(Jencks and Crouse 1982). Consequently, parents can see that improving the teaching of these subjects will have
only minor effects on how their children do on the SAT, so why worry about standards? In any case, doing well
on the SAT matters only for those who aspire to attend a selective college. Most American students plan co
attend public colleges which admit all high school graduates from the state with the requisite courses.

External exams in high school subjects can be expected to transform the signalling snvirotunent. There
is now a very visible payoff to hiring better teachers and improving the school's science laboratories. Larger
numbers of students pass the external exams and this in turn influences college admissions decisions. School
reputations will now tend to reflea student academic perfonnance rather than the family background of the
community or the success of football and basketball teams. If additionally parents and students can choose which
high school to attend and aid from higher levels of government is based on enrollment, the stakes for the school
administrators become very high indeed. Poor student performance on the rxiemal exams might force layoffs
of school sta£C

2^ - Evidence of the Effects of Curriculum Based Exams on Learning

Probably the best way to look for evidence on the impact of curriculum based exams is to compare
jurisdictions with different kinds of examinations systems. If possible comparisons should be made with other
jurisdictions in the same country. The jurisdictions should be from within one country and must be reasonably
large, however, for otherwise colleges and employers are not likely to use grades on the curriculum-based e:ams
in their selection decisions, so the rewards for doing well may be quite limited,

New York vs the Rest of the United States: New York State is reasonably large and has a Regentt



78

ExaminadoB synem which reaches over half of the stale's high school students.* It is, indeed, the only state in
the U.S. with a curriculuin based examination system covering the majority of high school graduates.'*
California is currently tryug to introduce one. Consistent with the theory laid out above, the Regents exams (or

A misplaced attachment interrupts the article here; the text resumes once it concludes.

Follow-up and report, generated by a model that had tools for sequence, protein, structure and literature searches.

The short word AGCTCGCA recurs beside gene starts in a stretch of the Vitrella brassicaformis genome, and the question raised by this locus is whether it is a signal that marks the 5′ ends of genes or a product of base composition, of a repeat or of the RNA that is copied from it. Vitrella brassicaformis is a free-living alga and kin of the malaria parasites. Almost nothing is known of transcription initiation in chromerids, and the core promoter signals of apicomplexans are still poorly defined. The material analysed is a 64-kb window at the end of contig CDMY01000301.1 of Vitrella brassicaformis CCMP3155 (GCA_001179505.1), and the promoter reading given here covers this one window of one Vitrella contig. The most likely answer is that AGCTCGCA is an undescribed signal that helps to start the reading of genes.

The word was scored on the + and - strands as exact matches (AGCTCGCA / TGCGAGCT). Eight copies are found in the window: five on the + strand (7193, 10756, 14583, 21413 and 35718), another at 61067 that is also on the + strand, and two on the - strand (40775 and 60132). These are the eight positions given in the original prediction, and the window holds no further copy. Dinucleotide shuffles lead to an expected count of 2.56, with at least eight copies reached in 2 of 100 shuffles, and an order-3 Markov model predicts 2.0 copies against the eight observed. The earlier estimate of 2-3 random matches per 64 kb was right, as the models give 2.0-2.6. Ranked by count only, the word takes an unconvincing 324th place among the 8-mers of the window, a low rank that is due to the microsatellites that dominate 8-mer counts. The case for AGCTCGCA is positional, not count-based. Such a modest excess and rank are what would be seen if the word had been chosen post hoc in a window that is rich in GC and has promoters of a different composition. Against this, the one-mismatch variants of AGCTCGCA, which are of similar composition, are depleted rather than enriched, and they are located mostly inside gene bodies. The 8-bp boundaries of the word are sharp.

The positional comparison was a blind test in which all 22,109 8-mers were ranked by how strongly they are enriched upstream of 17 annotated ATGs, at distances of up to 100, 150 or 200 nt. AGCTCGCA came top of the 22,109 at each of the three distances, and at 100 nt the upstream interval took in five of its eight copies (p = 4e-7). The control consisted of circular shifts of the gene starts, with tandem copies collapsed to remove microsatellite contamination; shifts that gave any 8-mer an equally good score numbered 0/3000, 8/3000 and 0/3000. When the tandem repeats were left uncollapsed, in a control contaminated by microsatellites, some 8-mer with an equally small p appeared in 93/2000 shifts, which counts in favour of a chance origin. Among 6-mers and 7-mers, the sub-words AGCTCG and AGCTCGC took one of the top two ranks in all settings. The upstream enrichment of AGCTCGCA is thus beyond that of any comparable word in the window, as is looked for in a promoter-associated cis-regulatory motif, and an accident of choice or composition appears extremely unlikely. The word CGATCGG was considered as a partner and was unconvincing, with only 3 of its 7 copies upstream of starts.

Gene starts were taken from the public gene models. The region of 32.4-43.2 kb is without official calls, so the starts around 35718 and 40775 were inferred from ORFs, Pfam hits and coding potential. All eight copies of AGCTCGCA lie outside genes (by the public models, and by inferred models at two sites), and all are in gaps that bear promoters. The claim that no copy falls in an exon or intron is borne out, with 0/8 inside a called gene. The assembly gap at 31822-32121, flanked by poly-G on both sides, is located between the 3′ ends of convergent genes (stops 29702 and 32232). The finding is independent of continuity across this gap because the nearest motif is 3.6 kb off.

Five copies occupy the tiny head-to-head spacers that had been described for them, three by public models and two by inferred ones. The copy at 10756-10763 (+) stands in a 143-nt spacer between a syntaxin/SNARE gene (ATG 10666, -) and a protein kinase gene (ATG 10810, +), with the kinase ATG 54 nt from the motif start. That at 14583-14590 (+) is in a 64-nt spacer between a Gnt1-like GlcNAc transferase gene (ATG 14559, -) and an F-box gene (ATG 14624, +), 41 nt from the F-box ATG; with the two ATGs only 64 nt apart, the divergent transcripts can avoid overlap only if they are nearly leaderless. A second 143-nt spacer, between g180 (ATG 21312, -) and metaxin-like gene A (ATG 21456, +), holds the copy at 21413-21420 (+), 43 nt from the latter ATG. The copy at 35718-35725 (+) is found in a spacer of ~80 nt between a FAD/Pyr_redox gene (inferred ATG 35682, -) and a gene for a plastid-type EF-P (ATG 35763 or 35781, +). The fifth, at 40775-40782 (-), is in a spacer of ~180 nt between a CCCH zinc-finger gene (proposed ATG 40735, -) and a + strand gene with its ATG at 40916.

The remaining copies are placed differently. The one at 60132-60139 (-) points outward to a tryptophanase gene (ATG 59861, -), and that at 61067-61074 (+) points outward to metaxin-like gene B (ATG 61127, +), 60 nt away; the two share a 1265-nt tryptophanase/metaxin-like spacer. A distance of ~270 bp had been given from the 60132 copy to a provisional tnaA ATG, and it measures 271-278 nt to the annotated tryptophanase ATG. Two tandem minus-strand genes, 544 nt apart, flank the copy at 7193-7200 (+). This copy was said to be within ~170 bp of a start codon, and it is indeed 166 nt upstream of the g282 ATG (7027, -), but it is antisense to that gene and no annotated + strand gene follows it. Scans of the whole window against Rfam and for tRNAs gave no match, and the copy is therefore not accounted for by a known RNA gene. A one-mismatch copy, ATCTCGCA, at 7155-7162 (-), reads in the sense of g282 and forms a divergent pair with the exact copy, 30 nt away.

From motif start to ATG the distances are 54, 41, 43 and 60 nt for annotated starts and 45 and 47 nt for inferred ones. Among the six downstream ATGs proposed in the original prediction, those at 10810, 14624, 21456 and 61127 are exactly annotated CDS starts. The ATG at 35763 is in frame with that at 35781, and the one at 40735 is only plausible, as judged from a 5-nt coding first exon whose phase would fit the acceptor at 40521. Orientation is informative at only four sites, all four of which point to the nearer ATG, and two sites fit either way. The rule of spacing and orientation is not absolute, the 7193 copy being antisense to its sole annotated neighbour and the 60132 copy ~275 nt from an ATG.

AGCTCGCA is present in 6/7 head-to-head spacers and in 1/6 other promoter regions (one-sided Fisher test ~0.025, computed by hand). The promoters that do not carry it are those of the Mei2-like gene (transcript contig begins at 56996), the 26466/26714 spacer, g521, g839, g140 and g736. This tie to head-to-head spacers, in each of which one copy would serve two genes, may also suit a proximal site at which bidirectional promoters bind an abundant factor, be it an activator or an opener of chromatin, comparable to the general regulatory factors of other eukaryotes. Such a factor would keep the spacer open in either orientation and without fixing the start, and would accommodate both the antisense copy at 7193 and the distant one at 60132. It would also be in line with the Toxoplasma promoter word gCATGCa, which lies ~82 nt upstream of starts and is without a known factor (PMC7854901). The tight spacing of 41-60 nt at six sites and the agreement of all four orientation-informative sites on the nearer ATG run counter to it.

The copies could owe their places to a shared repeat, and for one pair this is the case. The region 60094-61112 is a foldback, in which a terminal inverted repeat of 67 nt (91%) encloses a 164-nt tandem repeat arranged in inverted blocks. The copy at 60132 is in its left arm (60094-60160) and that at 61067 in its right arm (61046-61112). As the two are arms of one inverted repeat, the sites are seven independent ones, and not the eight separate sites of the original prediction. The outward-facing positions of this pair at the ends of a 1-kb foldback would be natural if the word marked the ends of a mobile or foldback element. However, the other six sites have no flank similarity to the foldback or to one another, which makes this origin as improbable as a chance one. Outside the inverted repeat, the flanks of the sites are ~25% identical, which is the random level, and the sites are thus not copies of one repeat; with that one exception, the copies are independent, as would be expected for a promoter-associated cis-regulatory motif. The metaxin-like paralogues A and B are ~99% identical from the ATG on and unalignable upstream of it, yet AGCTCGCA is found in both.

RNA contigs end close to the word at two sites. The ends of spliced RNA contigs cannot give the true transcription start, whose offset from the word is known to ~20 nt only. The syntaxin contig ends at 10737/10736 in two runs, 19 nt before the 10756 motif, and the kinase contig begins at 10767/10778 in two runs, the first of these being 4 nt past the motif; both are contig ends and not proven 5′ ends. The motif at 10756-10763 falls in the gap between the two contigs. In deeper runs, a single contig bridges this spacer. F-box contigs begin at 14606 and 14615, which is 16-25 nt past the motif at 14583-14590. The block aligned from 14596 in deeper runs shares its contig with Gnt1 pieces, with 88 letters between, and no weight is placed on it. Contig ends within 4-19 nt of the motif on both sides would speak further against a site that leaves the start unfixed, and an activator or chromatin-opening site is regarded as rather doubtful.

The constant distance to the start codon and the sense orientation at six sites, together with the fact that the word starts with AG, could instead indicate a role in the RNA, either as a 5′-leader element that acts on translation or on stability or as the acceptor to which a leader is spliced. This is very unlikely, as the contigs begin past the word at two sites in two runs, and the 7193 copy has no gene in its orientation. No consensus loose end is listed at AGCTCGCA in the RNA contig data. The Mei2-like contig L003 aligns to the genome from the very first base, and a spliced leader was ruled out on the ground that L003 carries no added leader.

something else unique to New York State) has raised statewide achievement levels. When the family income,
parental education, race and gender of SAT test takers are controlled. New York State has the highest adjusted
mean Scholastic Aptitude Test score of the sample of 38 states with adequate numbers of test takers to be
included in the study (Graham and Husted, 1993)." This occurs despite that fact that Regenu exam grades
account for less than half of the course grade and influence only the type of diploma received. A passing score
on Regents exams is not necessary for admivtirwi to non-university higher education and employers ignore exams
results when they make hiring dfrisifmt,

Comparing Canadian ProvlBcea: Probably the best place to test hypotheses about the impact of
curriculum-based external examinations is Panarfa Some ranariian provinces have cuniculimi-based exams-
Quebec, Newfoundland, Alberta. New Brunswick and British Columbia; the others do not. The hypotheses
outlined in section 2.1 were tested in data on the mathematics and science competence of 42,241 r^wWi.ti ^nd
American D year olds from the International Assessment of Educational Progress (lAEP). Holding the social
class background of students constant, students from Canadian provinces with examination systems were
substantially (23 percent of a standard deviation) better prepared in mathematics and 18 percem of a standard
deviation bener prepared in science than students firom provinces lacking such exams. The efCea of an exam
system on mathematics achievement of 13 year olds is larger in a standard deviation metric than the decline in
math SAT scores between 1969 and 15)80 that has been such a focus of public concern.



^ About 56 percent of 9th graders take the Mathematics Course 1 exam and, of these, 24 percem fail
Similar proportions of 10th and 11th graders take the global studies, biology and FnglUh exams. Failure rates
were 20 percent in global studies, 18 percent in biology and U percent in F"gli


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Online LibraryArts United States. Congress. Senate. Committee on LaboEducation's impact on economic competitiveness : hearing before the Subcommittee on Education, Arts, and Humanities of the Committee on Labor and Human Resources, United States Senate, One Hundred Fourth Congress, first session ... February 2, 1995 → online text (page 11 of 15)